PBT: Ruffles, Shells, and Scales

This post is part of a series of tutorials on how to create your own unique crochet pixie pocket belt – to read more about this series visit the Intro page.

Some textural techniques I like to use when making the pixie pocket belts are ruffles, curlicues, shells, and crocodile stitch scales – in this post I’m going to cover the basics of how to create them in order to add dimension to the piece.


Ruffles and Curlicues:

The basic technique for making ruffles and curlicues is to create a row of stitching that is dramatically longer than the row it is stitched into – this is done by making 2-4 (or more) stitches into each stitch below. To create a practice ruffle, chain a small length and then 3 dc into each chain stitch.


The extra length created by the many stitches will force the fabric to buckle, creating a ruffle when the row is held flat, such as if you were to crochet many stitches onto a flat piece.


If you are working multiple stitches onto a long, skinny piece such as a chain, though, you can do more – when you twist the piece, the extra stitches will cause the base chain to curl in a spiral, creating a corkscrew or curlicue effect.


I love putting these curlicues at the end of chain cords to create a fun detail, and you can create various looks by changing up the height of the stitch you’re using or making multiple rows. To see an excellent comparison between what these different stitches would look like, use this very helpful post from 1 Dog Woof.

My ruffle chain allowed to spiral, but laid flat.
The finished ruffled laid flat, without twist.

Changing stitch heights and number of stitches is a good way to add variety to your corkscrew/curlicue/ruffle shape.


And speaking of changing stitch heights, shells are another versatile decoration I love to use in the Pixie Belts. Shells (also called scallops or fans) are a stitch pattern that uses a succession of stitch heights to create a rounded wave effect on a row of crochet. There are TONS of different ways to make these that all create a slightly different look. The basic strategy, though, is to start with a short stitch, like a single crochet, then move through the stitch heights to get taller…

Shown is a ch-1 turn (counts as first sc) then hdc, dc, tr, with one st worked in each stitch across.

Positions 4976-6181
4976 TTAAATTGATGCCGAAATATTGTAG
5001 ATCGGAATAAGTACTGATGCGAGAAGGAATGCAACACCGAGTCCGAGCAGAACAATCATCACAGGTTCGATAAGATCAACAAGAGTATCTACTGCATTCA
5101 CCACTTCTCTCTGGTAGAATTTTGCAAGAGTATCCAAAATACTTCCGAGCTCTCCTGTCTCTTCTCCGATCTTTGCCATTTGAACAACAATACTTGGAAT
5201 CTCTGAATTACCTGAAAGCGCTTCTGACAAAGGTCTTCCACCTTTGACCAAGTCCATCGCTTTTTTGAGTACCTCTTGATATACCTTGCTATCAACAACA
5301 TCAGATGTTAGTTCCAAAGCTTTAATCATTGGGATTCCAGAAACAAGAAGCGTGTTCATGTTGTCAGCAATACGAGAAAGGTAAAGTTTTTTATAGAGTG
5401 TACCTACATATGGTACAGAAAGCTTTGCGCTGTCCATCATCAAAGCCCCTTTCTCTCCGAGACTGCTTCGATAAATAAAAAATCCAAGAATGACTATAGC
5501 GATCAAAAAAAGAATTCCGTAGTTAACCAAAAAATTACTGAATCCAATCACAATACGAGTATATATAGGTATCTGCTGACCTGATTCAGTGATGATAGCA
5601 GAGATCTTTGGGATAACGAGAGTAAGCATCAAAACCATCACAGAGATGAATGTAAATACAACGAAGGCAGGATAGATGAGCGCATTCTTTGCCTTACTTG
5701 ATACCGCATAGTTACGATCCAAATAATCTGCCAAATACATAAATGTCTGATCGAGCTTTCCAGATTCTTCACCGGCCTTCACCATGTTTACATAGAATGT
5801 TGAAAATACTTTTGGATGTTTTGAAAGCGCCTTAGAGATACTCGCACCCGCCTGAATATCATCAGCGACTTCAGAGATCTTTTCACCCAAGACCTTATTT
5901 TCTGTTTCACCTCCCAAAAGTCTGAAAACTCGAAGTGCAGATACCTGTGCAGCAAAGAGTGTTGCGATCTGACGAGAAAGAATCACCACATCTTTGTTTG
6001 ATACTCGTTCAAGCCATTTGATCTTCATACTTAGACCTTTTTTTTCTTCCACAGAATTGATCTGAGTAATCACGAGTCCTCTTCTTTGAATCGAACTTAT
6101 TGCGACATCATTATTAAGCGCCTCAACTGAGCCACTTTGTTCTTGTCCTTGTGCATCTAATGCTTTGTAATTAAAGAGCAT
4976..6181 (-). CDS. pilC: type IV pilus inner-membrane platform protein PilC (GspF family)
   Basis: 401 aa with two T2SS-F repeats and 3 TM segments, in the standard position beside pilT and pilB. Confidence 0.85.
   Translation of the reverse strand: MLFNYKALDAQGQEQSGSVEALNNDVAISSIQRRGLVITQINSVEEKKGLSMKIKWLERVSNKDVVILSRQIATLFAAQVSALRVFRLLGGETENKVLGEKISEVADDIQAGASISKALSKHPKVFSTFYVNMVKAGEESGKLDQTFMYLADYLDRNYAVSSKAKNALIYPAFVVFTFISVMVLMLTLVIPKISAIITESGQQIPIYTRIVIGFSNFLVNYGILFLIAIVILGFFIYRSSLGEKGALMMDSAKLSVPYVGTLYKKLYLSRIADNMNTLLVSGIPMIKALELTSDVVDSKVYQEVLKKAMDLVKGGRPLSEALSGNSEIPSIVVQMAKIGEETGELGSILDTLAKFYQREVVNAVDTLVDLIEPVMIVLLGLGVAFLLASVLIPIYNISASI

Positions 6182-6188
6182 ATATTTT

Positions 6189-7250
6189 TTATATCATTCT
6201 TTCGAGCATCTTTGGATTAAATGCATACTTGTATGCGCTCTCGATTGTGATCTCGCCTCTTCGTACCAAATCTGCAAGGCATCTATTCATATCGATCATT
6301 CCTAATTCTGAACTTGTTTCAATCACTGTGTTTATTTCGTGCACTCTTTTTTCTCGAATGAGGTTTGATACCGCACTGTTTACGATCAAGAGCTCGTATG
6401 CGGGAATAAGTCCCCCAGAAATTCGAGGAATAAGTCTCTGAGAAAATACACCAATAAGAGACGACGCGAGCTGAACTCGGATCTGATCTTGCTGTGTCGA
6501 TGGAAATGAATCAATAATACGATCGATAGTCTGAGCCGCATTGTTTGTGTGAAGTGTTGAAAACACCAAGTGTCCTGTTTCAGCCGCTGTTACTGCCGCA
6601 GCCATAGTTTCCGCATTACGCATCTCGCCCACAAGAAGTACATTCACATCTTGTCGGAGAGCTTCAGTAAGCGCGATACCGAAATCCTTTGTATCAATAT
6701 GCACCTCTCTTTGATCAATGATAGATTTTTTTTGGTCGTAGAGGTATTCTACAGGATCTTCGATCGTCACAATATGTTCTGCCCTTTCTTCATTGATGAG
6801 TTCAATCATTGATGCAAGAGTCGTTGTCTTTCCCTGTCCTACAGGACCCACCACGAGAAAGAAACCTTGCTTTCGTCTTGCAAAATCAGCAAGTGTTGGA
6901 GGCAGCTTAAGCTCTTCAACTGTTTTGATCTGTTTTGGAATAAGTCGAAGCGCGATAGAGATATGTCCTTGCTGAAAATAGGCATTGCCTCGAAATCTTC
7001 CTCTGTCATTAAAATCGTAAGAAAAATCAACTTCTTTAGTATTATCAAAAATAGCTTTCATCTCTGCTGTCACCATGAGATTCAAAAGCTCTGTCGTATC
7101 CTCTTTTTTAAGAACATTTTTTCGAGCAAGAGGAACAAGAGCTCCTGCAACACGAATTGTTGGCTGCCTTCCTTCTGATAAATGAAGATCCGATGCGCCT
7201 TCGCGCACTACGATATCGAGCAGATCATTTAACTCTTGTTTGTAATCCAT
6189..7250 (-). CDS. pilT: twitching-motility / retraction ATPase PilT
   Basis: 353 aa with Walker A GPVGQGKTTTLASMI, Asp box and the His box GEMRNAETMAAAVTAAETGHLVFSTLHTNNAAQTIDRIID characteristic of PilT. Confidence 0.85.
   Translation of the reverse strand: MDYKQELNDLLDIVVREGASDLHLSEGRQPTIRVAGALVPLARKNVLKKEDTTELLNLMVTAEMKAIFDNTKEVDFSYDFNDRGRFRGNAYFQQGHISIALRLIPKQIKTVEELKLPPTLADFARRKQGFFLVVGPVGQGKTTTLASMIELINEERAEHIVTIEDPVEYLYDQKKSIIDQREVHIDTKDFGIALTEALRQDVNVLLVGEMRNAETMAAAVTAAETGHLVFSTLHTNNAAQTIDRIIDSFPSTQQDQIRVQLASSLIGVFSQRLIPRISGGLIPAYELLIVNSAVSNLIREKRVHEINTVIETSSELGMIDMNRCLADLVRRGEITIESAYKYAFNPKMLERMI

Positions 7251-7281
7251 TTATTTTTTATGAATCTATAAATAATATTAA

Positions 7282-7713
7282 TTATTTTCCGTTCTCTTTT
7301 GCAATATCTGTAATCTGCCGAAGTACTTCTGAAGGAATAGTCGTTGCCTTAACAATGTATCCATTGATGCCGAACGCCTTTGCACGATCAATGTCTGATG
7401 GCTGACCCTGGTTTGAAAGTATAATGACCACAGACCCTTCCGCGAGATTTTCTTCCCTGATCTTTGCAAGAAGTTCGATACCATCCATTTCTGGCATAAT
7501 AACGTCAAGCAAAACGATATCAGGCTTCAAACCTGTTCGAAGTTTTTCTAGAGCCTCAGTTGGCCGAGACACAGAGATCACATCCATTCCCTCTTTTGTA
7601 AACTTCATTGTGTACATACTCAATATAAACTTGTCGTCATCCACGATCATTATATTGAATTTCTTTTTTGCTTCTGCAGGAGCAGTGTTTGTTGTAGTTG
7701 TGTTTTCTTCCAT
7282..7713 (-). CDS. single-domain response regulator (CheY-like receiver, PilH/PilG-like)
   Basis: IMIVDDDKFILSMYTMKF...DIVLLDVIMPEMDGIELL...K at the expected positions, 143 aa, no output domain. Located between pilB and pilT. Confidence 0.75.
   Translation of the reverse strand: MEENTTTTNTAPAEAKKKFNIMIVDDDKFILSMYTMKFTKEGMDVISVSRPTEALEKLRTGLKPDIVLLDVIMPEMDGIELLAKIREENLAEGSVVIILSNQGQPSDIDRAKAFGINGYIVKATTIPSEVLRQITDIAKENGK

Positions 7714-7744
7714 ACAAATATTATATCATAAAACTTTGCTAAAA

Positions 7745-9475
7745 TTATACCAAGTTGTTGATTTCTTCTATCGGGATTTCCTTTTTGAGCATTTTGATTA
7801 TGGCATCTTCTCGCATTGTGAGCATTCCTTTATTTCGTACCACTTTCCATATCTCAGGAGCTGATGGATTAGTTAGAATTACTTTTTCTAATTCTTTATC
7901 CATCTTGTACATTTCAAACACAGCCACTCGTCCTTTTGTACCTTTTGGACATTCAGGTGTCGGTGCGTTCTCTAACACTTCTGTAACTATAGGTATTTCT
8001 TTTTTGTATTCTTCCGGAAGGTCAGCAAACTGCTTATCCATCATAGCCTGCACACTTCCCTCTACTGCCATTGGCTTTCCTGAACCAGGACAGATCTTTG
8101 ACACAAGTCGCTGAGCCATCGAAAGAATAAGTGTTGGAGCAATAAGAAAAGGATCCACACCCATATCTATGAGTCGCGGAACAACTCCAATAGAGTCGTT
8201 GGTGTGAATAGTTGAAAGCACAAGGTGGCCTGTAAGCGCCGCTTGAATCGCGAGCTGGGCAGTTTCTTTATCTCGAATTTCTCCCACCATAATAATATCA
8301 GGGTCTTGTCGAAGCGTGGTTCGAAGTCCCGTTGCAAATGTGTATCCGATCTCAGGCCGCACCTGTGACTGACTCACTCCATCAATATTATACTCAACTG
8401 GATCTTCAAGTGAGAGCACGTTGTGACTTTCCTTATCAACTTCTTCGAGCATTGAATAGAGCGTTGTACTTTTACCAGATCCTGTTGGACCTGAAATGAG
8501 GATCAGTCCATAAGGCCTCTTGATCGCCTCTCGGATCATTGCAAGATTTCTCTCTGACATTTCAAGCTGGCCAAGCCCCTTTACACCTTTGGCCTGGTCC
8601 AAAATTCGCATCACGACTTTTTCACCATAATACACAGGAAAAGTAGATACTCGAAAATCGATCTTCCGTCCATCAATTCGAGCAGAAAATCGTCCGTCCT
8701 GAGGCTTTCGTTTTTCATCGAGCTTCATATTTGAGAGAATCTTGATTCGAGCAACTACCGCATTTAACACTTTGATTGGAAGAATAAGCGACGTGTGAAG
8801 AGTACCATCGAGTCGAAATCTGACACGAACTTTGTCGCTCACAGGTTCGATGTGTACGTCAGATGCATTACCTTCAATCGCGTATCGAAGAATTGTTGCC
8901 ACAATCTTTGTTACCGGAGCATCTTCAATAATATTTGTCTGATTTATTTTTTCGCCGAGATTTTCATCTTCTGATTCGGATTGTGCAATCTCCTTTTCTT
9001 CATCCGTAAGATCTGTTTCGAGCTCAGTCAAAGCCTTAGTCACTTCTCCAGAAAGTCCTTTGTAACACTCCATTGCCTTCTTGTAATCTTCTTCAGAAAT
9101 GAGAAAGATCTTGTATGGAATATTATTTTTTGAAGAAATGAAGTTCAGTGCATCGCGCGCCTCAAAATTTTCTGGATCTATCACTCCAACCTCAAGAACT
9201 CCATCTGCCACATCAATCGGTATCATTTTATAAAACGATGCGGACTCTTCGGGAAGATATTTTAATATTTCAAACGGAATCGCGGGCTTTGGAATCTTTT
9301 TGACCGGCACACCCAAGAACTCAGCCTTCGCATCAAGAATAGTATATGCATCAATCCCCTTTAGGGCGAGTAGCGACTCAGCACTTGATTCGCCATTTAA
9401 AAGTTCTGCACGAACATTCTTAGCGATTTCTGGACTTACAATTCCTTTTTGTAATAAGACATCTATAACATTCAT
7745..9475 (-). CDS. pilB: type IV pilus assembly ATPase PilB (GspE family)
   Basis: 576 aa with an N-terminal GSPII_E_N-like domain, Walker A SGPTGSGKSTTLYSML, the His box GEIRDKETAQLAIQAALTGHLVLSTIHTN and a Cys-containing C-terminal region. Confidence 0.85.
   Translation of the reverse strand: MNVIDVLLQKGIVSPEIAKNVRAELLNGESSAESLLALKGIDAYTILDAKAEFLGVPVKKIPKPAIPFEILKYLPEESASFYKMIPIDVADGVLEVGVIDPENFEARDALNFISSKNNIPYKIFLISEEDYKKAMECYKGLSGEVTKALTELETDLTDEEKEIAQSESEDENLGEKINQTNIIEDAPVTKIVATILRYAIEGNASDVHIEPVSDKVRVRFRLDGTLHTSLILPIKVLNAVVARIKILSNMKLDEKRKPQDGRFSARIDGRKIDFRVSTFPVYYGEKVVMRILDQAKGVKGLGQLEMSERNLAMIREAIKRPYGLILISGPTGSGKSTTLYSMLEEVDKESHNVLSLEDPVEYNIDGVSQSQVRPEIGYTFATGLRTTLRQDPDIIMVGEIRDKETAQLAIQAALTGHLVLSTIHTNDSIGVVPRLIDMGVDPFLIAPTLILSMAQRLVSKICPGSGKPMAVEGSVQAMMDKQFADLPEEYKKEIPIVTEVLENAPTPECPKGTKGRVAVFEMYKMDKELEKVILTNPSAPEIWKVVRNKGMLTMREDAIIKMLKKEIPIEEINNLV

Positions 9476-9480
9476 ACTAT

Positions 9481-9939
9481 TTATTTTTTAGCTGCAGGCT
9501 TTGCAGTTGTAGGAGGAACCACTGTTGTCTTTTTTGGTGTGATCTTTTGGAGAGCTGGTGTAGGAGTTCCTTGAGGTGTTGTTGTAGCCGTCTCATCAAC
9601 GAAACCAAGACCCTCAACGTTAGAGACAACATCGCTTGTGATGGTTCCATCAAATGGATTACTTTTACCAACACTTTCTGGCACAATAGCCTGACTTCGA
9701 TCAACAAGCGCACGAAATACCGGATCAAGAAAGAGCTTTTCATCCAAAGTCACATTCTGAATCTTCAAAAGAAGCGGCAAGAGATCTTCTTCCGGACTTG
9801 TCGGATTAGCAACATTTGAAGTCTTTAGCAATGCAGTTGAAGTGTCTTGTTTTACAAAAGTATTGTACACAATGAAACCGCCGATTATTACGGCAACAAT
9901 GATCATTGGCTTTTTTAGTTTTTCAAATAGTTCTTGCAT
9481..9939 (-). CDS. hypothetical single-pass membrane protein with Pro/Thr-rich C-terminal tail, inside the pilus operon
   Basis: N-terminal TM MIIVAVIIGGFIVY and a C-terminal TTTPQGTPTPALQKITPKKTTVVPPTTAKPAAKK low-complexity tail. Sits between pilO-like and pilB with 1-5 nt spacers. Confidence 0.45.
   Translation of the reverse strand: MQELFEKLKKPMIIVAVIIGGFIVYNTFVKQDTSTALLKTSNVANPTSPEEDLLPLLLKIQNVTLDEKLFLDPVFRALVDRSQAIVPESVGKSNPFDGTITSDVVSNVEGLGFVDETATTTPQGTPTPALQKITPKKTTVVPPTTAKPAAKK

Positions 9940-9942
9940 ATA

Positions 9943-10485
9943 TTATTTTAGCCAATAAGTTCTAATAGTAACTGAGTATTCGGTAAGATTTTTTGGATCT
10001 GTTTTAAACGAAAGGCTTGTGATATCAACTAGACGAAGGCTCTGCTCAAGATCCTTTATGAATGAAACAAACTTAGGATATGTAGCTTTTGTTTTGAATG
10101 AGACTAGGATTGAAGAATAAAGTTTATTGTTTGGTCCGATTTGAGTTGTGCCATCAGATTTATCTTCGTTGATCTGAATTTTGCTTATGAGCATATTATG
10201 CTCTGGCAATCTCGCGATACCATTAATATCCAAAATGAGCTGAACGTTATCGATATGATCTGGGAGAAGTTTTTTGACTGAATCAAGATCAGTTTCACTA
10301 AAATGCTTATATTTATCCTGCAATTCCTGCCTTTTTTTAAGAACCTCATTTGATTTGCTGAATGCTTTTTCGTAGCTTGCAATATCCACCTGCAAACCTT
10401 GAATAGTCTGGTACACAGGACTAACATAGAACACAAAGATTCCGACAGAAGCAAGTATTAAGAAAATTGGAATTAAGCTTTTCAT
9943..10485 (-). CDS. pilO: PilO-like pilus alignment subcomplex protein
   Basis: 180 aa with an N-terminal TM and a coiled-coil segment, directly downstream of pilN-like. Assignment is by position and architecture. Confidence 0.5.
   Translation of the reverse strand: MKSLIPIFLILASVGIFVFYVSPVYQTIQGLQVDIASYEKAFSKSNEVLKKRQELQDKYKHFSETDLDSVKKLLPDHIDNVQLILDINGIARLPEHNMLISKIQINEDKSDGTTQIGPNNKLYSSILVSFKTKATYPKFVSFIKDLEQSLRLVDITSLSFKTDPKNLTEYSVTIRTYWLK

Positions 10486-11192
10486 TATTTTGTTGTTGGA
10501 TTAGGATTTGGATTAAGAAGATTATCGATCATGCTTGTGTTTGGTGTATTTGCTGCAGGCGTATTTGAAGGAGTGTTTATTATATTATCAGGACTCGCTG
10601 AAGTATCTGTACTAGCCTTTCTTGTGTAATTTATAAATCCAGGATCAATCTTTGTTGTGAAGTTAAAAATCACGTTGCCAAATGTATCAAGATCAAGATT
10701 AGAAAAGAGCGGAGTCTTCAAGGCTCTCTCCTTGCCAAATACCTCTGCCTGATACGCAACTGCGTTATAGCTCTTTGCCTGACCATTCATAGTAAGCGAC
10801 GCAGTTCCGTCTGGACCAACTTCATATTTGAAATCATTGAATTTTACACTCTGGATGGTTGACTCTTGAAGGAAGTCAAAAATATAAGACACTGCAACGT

…then doing the same thing in reverse to go back down in height.

Now the sequence is ch-1 (sc), hdc, dc, tr, dc, hdc, sc.

This can be done over a number of stitches to create an elongated wave, as shown above…


…or you can pile all the stitch heights into one stitch to create a more defined rounded shell shape. This one above starts with a sl st to anchor the shell, then skips a stitch and works hdc, 2 dc, hdc in the next st. Skip the next st, then anchor on the other side with a sc.


Crocodile Stitches

Now one of my favorite techniques, the scale: Also called the crocodile stitch, this stitch pattern uses a base layer of crochet in the pattern of (2 dc, ch 1, 1 dc, ch 1) skipping one or two stitches in between the alternating single/dual dc. Here’s a chart for what that looks like:


An example of the base layer of the croc stitch pattern, borrowed from an earlier tutorial.

Then, you create a second layer, working 5 dc into the post (side) of the dc stitch in a pairing, chaining 1, then working 5 more dc into the post on the opposite dc in the pairing. Anchor the scale by slip stitching into the unpaired dc.

CrocStitch2.pngThere are different strategies for working croc stitch, both in rows and in the round, and there are lots of videos out there demonstrating the techniques. This post on my blog has a couple short videos showing my technique specific for my Feather & Scale Halter pattern, but if like me you really like the croc stitch and want to make more designs with it, check out my crochet patterns that utilize this stitch!

Feather & Scale Halter
Sylphie Hat
Mermaid Mitts & Sandals
Cecilia Skirt Belt

Here are some examples of the techniques just discussed on the pixie belts I have made in the past:

“Kelp” has densely stitched hand-dyed handspun wool yarn in randomly alternating stitch heights along the edges of the belt base to create a ripply water-plant effect.
“Hemlock” has crocodile stitch across the bottom half of the belt with ripped silk fringe looped through the ch-1 space at the tip of the scale.
Shells run across the bottom of “Shepherd’s Purse” just before the netted portion, made from bulky white recycled sweater yarn.

For now, I’m taking these two little practice pieces I made for this tutorial and am stitching them onto the pixie belt base I worked on last post. To be continued, with pockets!





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